Believe it or not I never intended writing about slugs. I always wanted to do a book about leeches. I thought there was more material there. However, I did a book called Death Day and there was one scene with a huge slug. My agent and publisher both suggested a book all about slugs. I thought it was a stupid idea but, once I did the research, I realized it had legs (unlike a slug!!!). The biggest problem was getting people into a situation where they could be attacked and eaten by something so slow moving! However, I managed it and then did it again in Breeding Ground five years later (Breeding Ground is being re-issued by my publishers Caffeine Nights before the end of this year). Originally there was supposed to be a third slugs novel but that never materialised, mainly because I wasn't sure about writing it. It might happen one day. You never know.
As a creator of dark and terrifying stories, do you believe in the supernatural, things like demons or dark forces that act upon us?
To be honest I've never really thought about it that much. I suppose if there's good there must be bad. It's more of a philosophical question and I've never been one to look too deeply into things I must confess. I'd love to give you some well thought out, intellectual argument but... I can't.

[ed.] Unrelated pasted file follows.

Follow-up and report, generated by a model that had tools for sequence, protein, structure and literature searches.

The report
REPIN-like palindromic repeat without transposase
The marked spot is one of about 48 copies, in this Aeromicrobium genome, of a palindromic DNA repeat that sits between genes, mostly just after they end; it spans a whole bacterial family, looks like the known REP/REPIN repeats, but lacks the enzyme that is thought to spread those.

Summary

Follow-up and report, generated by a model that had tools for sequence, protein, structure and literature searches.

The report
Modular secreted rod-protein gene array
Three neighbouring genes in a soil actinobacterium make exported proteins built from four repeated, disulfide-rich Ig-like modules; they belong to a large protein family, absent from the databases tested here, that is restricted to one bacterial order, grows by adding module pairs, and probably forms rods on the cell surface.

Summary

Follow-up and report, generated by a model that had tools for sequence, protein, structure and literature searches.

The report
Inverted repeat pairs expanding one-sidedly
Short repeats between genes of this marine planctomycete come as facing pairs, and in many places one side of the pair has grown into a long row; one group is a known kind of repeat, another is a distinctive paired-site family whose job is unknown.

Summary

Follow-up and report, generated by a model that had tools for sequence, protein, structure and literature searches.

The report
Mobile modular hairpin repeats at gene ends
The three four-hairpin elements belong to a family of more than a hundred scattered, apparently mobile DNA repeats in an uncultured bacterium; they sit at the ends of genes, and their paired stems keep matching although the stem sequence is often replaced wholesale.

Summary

In Spain, sadly, horror is a minority genre although there seems to be some resurgence because of the work of small publishers. Speaking of horror, how do you see the literary scene in the UK?
Horror is a minority genre everywhere! It's only the work of independent publishers as you say, that keeps it going. It's as if publishing has got no balls anymore. Everything has to be nice and safe and mainstream. Books are manufactured as much as films and music these days. The entire business, with a few exceptions, has no characters like it used to and I'm not just reminiscing and looking at things through rose coloured glasses. I've been in this business for more than thirty years and the changes that have taken place are huge and, mostly for the worst. Authors used to be given time years ago. A publisher would support an author through maybe two or three books and help them build a style. That doesn't happen anymore. Everything is very formulaic and if a book isn't successful immediately then the publishers just drop the author. It's very sad but, thank God for the independents like Caffeine Nights (my publishers) who seem to care more about authors than they do about just making money. Obviously, everyone wants to make money but you have to have the right product and marketing to do that. You have to blame publishers I'm afraid. The so called “big boys” are all looking for the next Twilight or the next this or the next that. They don't want originality. They want something they can drop into a nice safe little box and market. Twilight and garbage like that helped to destroy the horror genre when Silence of the Lambs had begun that demise back in the 90's. Horror is sneered at by publishers now. I think it frightens them ha, ha. Which is a shame because there are so many loyal fans out there who want it.